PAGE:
Sauvignon Blanc gained international recognition when it became widely planted across New Zealand throughout the 1980s. Around this time, French and American producers started to compete with New Zealand and add their own stylistic touches.
Sauvignon Blanc Can Be Made into Sparkling, Still and Sweet Wines
Sauvignon Blanc knows a few sparkling renditions, either oaked or unoaked, with the best examples coming out of the Loire Valley and New Zealand. Because of its aromatic character, Sauvignon Blanc can produce beautiful fruit-forward styles of sparkling wine, similar to the style of Prosecco. Blended with Chardonnay, sometimes even lightly oaked, it results in a style more similar to Champagne.
Still versions of the grape variety come in many different styles, depending on their growing climate. A cool climate Sauvignon Blanc will show more citrus and minerality, whereas one from a warmer climate will develop floral and tropical fruit notes.
Most Sauvignon Blanc is bottled on its own, but in France, it is often blended with Sémillon (two grape varieties that happen to be genetically close). Sémillon is more clean and balanced, and lends some structure to the aromatic, acid-driven Sauvignon Blanc.
Sweet wines made from Sauvignon Blanc are typically touched by noble rot, or Botrytis cinerea. This is a fungus that shrivels the berries and helps concentrate the sugars in the grapes. There are only a few places in the world where climatic conditions are perfect for Botrytis. Sauternes in the Bordeaux region is the most famous example. For sweet, botrytized wines, Sauvignon Blanc is most often blended with Sémillon.
Sauvignon Blanc Has an Appropriate Name
“Sauvignon” is derived from the French word “sauvage”, meaning “wild”. Most likely, this is because the shape of the leaves is similar to those of the wild grapevine. Sauvignon Blanc vines are indeed quite vigorous and can grow out of control if not held in check. Left to its own devices, the vine could survive despite abandon.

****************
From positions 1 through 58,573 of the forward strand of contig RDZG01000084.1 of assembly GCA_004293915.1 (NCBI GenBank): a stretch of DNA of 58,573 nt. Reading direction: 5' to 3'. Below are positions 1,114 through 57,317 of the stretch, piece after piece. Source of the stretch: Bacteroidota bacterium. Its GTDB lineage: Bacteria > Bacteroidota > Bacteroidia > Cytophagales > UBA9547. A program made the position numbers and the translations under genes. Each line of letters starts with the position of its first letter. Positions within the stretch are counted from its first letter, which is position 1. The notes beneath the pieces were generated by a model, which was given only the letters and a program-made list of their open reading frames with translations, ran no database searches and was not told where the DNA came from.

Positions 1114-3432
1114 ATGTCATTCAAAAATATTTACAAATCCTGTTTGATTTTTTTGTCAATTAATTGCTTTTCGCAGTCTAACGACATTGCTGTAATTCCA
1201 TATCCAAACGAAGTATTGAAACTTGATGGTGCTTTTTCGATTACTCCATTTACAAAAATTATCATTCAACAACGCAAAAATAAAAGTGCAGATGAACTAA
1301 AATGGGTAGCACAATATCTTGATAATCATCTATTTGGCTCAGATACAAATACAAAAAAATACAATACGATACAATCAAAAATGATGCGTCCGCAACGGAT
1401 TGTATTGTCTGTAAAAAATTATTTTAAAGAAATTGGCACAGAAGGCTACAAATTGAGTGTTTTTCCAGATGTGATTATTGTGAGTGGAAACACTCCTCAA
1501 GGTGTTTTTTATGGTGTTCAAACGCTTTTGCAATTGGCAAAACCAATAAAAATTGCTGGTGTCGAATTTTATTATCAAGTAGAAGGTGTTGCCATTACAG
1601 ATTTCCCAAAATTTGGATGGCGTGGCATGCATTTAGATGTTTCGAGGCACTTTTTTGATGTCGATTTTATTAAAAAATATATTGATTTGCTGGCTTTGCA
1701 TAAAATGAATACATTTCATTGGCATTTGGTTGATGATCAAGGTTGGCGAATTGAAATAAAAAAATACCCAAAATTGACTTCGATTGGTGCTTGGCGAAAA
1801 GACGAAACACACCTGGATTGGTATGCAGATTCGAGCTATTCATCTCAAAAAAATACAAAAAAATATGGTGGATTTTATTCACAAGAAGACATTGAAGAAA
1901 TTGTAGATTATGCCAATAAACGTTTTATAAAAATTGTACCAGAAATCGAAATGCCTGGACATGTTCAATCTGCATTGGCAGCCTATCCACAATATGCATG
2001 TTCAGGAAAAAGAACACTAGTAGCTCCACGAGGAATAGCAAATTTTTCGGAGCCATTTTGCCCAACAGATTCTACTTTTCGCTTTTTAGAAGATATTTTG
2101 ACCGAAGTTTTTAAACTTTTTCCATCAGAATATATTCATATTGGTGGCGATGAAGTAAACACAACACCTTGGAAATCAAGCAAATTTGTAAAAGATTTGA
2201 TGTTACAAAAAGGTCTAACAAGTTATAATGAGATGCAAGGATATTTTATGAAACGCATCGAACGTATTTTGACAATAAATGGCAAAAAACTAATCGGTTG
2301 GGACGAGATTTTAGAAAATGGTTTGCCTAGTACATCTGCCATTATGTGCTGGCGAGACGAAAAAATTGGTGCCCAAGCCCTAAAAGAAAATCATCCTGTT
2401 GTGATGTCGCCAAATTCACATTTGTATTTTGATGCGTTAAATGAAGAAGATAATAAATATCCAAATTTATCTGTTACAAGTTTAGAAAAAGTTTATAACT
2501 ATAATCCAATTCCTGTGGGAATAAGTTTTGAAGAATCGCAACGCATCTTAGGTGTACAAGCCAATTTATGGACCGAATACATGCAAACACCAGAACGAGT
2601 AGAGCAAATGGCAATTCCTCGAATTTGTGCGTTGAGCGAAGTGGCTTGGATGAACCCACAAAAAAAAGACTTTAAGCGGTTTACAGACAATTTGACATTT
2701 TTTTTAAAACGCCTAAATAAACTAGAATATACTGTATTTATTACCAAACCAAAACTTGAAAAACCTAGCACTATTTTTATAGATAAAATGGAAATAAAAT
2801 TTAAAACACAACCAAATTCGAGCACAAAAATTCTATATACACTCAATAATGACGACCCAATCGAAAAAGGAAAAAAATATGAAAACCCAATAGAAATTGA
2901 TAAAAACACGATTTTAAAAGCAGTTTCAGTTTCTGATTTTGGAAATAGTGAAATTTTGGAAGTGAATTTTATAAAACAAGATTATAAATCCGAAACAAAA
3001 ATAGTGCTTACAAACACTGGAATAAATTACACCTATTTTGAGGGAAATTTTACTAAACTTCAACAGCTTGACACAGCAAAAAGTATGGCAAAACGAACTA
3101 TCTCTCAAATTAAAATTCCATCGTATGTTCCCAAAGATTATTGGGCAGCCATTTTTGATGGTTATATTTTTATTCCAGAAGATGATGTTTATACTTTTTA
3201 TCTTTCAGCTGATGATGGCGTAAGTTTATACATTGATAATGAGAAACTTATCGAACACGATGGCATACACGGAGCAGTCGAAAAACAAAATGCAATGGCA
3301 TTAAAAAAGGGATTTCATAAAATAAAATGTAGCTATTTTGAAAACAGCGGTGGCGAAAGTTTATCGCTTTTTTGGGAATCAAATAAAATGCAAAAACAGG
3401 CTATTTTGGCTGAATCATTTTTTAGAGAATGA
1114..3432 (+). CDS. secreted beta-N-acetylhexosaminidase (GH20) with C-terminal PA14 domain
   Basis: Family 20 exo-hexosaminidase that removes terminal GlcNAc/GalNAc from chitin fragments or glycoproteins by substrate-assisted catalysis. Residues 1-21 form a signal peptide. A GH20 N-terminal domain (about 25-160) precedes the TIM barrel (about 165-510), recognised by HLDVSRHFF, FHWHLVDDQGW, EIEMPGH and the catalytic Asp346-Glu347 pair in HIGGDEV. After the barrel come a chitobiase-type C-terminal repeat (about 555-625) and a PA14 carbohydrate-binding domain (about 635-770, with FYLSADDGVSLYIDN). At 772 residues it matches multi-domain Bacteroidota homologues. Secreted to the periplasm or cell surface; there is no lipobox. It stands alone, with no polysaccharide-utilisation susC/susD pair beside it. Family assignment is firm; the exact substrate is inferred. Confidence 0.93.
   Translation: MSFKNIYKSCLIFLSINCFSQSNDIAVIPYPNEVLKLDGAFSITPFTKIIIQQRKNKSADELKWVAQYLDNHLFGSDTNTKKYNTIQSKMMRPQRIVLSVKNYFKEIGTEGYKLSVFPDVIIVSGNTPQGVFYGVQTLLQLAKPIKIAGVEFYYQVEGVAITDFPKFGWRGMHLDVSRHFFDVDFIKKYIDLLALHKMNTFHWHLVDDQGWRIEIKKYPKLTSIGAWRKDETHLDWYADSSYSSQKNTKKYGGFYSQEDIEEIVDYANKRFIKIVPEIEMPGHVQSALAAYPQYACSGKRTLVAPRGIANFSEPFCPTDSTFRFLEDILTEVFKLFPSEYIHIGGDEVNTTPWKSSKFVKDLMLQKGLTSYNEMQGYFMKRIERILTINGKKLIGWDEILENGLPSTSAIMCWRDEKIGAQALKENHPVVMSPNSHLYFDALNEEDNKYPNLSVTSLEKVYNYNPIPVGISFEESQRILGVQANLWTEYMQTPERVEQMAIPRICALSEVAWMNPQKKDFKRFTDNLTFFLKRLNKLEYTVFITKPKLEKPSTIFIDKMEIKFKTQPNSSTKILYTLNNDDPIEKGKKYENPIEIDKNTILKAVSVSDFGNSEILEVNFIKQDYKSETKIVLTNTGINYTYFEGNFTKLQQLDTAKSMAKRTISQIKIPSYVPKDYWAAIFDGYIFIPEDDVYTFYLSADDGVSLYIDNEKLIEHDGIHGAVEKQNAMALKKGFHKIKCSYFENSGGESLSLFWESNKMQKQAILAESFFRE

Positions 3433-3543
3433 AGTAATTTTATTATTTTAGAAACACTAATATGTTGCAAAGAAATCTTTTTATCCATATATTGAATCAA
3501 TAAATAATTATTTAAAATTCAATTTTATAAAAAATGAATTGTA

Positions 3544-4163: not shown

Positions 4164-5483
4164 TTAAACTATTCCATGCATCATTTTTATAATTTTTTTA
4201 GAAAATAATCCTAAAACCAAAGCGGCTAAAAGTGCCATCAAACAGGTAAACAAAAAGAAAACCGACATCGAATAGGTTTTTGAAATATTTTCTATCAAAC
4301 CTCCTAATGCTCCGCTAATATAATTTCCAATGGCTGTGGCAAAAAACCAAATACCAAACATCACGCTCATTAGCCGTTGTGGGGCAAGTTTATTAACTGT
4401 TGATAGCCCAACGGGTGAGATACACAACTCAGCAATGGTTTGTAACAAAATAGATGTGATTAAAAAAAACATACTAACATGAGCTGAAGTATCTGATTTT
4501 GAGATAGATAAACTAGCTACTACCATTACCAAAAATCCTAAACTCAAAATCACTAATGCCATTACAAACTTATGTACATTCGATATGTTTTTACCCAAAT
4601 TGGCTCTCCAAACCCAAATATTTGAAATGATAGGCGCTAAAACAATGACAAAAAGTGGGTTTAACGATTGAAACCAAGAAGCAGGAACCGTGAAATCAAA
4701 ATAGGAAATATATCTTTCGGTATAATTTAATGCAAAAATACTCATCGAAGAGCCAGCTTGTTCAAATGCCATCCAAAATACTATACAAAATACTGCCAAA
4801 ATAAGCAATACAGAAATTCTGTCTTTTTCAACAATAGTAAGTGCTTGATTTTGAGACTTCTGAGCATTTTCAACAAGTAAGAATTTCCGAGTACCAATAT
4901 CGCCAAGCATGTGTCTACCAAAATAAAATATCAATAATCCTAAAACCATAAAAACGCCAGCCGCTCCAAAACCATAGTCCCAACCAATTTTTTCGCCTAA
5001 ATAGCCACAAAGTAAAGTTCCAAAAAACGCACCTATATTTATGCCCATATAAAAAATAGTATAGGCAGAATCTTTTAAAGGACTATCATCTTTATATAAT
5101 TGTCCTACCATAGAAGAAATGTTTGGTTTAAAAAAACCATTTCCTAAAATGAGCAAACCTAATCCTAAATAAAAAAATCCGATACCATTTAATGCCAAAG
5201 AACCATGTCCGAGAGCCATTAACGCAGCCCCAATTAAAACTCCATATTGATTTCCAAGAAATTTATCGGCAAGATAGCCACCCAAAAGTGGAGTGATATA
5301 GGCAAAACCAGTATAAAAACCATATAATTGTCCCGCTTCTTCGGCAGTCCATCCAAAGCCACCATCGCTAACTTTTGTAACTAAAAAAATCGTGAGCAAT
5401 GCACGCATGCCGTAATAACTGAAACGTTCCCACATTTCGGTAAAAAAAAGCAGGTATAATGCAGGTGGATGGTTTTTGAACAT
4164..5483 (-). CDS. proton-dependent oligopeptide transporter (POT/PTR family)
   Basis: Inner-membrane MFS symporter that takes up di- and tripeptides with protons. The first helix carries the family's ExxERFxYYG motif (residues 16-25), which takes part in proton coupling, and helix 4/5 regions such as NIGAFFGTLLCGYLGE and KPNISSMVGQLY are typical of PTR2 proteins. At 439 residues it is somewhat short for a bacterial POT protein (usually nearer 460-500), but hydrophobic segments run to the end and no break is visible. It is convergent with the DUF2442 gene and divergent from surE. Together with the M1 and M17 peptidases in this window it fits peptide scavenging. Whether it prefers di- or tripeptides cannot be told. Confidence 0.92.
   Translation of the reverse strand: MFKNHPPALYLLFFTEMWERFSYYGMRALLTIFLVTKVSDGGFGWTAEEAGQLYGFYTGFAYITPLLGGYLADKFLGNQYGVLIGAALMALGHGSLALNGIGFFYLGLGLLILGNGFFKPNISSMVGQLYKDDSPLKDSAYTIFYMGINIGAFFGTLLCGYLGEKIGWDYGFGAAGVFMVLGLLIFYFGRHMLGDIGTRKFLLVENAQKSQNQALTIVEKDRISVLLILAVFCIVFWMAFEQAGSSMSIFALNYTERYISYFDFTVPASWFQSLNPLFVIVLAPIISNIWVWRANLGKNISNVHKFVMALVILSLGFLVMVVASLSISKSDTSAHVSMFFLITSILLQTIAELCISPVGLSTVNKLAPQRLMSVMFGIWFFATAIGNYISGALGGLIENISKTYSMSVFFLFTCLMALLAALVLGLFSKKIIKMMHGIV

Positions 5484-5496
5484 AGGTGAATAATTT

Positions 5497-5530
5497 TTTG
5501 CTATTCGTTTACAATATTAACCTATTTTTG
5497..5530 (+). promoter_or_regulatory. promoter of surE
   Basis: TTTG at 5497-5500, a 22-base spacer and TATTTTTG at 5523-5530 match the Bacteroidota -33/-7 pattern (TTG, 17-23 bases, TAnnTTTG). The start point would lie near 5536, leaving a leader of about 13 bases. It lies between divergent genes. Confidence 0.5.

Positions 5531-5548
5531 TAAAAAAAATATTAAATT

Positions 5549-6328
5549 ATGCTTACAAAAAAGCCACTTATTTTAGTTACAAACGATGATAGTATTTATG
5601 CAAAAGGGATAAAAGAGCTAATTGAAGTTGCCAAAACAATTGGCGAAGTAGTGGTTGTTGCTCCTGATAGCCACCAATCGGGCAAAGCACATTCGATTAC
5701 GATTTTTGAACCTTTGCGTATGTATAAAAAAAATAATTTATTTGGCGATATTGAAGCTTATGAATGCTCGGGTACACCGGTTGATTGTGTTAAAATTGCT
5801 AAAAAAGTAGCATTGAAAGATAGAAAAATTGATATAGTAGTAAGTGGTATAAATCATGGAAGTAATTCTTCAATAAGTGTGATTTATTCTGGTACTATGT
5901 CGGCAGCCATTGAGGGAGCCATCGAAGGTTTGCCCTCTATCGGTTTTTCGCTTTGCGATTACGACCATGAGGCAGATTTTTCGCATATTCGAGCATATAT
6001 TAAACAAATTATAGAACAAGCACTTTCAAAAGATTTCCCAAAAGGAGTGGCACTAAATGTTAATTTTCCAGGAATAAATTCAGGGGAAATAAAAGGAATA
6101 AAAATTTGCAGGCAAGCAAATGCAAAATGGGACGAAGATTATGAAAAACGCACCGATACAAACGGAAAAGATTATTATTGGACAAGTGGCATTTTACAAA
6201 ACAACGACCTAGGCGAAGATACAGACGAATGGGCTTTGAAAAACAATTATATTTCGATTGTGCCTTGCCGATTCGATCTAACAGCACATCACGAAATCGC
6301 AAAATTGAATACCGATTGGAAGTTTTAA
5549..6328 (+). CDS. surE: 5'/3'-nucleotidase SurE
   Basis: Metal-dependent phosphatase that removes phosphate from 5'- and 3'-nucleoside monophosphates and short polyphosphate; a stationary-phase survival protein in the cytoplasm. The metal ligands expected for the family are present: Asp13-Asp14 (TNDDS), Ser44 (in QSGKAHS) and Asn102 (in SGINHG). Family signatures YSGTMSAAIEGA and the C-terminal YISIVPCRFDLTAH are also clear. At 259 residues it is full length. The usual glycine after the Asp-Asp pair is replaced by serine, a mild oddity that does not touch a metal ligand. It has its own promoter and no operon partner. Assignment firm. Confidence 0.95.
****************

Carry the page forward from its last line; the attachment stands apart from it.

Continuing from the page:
“Untamed” and “wild” can also be used to describe Sauvignon Blanc’s flavours. They can range from a flinty minerality to crisp citrus notes, florals and even herbaceous vegetal notes. Poorly made Sauvignon Blancs will taste vegetal, a bit like canned asparagus. Vegetal qualities are typical if the wine is made from under-ripe grapes, or if the vines were allowed to grow out of control. These tasting notes can also occur if the grapes didn’t receive proper sunlight for photosynthesis.
Taste Amazing Sauvignon Blancs with WineCollective
Fortunately, WineCollective members will never receive these vegetal Sauvignon Blancs in their packages. All wine that goes into our monthly deliveries is carefully curated by our team of wine experts. Each month, they taste hundreds of different bottles, so you don’t have to. Only the best renditions of famous and less famous grapes varieties make it through their strict selection process. Have a look at the Sauvignon Blancs in our store! Become a member today to receive these amazing wines on your doorstep each month, with an informative guide to boot. Plus, you’ll be get great discounts in our member store – so you can keep exploring the world of wine.